Increase2.svg3Steady2.svg2nd449,74934.1%Official Opposition Liam Cosgrave
54 / 144
Increase2.svg4Steady2.svg2nd473,78135.1%Coalition Government


Liam Cosgrave
43 / 148
Decrease2.svg11Steady2.svg2nd488,76730.5%Official OppositionLiam Cosgrave
65 / 166
Increase2.svg22Steady2.svg2nd626,37636.5%Minority Coalition Government


Garret FitzGerald
1982 (Feb)
63 / 166
Decrease2.svg2Steady2.svg2nd621,08837.3%Official OppositionGarret FitzGerald
1982 (Nov)
70 / 166
Increase2.svg7Steady2.svg2nd662,28439.2%Coalition Government


Garret FitzGerald
51 / 166
Decrease2.svg19Steady2.svg2nd481,12727.1%Official OppositionGarret FitzGerald
55 / 166
Increase2.svg4Steady2.svg2nd485,30729.3%Official Opposition Alan Dukes
45 / 166
Decrease2.svg10Steady2.svg2nd422,10624.5%Official Opposition

(until December 1994)

John Bruton
Minority Coalition Government

(FG-LP-DL) (from December 1994)

54 / 166
Increase2.svg9Steady2.svg2nd499,93627.9%Official OppositionJohn Bruton
31 / 166
Decrease2.svg23Steady2.svg2nd417,61922.5%Official Opposition Michael Noonan
51 / 166
Increase2.svg20Steady2.svg2nd564,42827.3%Official Opposition Enda Kenny
76 / 166
Increase2.svg25Increase2.svg1st801,62836.1%Coalition Government


Enda Kenny
50 / 158
Decrease2.svg26Steady2.svg1st544,41025.5%Minority government

(Confidence & Supply from FF)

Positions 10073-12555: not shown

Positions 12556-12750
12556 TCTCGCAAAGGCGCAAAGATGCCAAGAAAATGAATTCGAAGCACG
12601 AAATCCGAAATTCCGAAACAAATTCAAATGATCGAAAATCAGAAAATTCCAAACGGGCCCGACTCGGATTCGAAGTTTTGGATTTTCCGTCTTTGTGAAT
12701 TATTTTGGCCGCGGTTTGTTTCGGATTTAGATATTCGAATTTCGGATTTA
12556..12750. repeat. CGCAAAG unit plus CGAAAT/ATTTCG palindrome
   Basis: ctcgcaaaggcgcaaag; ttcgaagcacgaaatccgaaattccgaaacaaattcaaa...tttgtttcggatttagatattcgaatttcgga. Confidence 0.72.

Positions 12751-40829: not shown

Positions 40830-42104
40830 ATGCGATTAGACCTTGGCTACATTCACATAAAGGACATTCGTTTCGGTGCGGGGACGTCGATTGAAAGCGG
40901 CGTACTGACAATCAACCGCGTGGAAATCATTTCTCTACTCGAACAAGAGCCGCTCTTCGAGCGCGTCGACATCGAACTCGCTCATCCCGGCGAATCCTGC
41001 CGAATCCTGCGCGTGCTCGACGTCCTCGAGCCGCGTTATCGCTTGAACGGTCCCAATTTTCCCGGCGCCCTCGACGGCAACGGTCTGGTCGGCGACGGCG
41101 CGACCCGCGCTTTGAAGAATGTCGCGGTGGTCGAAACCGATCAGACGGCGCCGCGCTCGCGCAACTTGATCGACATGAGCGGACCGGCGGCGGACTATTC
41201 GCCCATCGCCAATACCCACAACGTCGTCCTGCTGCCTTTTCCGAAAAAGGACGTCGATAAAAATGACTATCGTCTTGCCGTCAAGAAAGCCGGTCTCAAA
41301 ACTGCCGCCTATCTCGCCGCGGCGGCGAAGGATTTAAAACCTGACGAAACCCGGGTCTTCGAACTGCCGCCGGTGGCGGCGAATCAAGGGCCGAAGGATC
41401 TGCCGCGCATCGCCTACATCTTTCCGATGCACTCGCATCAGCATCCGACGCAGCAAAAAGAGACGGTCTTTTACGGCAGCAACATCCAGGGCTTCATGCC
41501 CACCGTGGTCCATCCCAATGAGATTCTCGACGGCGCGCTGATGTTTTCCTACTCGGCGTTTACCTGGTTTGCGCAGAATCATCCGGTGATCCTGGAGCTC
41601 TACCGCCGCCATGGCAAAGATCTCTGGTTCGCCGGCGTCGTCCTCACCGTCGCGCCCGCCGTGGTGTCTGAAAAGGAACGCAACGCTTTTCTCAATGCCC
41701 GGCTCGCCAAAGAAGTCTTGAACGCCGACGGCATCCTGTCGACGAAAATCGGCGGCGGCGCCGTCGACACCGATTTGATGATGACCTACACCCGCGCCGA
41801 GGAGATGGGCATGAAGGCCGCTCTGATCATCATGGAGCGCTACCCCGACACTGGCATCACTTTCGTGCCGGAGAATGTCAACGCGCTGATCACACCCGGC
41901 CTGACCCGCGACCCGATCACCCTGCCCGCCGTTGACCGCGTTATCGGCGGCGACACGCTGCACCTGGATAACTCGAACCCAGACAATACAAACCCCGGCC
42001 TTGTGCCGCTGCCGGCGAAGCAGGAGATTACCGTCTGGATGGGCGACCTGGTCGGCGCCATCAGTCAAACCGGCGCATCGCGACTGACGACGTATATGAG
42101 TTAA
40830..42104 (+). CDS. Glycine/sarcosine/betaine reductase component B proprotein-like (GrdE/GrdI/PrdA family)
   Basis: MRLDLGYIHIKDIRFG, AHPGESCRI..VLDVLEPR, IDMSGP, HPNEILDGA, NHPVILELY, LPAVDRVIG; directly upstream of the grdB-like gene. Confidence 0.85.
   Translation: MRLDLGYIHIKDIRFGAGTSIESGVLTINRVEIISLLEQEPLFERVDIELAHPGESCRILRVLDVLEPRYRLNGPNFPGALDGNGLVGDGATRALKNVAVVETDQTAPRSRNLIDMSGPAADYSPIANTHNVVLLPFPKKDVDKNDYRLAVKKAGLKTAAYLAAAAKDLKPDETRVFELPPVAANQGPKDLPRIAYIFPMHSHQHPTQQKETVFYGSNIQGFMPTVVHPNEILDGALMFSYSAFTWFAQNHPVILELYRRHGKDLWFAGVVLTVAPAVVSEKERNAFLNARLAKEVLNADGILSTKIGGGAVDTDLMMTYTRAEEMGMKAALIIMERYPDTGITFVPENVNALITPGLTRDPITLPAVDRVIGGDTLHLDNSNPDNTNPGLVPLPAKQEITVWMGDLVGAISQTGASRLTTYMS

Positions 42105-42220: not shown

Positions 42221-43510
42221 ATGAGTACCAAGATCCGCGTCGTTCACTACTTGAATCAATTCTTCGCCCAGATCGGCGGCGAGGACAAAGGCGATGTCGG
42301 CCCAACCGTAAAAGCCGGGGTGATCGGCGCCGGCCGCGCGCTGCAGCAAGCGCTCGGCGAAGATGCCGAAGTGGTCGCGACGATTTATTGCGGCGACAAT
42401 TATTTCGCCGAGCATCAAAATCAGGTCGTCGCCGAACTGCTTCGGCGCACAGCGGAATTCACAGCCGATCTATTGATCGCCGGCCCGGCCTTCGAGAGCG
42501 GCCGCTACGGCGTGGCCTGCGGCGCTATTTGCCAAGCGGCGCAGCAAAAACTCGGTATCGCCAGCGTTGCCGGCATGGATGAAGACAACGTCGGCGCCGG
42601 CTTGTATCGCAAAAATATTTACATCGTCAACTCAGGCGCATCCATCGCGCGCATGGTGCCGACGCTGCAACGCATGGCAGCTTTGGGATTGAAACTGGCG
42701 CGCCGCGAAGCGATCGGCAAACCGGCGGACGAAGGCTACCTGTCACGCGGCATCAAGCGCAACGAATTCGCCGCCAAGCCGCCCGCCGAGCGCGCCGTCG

Enda Kenny
2020 [89]
35 / 160
Decrease2.svg15Decrease2.svg3rd455,56820.9%TBD Leo Varadkar

Front bench

Young Fine Gael

Young Fine Gael (YFG) is the youth movement of Fine Gael. It was founded in 1976 by the then leader Garret FitzGerald. It caters for young people under 35 with an interest in Fine Gael and politics, in cities, towns and third level colleges throughout Ireland. YFG has 4,000 members nationwide. [90] YFG is led by its national executive consisting of ten members elected on a regional basis, and on a national panel.

See also


  1. Fine Gael had 5 MEPS elected at the 2019 European Parliament election. Deirdre Clune, the fifth candidate elected for South, did not take her seat until the UK left the EU and its MEPs vacated their seats.

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The Convention on the Constitution was established in Ireland in 2012 to discuss proposed amendments to the Constitution of Ireland. More commonly called simply the Constitutional Convention, it met for the first time 1 December 2012 and sat until 31 March 2014. It had 100 members: a chairman; 29 members of the Oireachtas (parliament); four representatives of Northern Ireland political parties; and 66 randomly selected citizens of Ireland.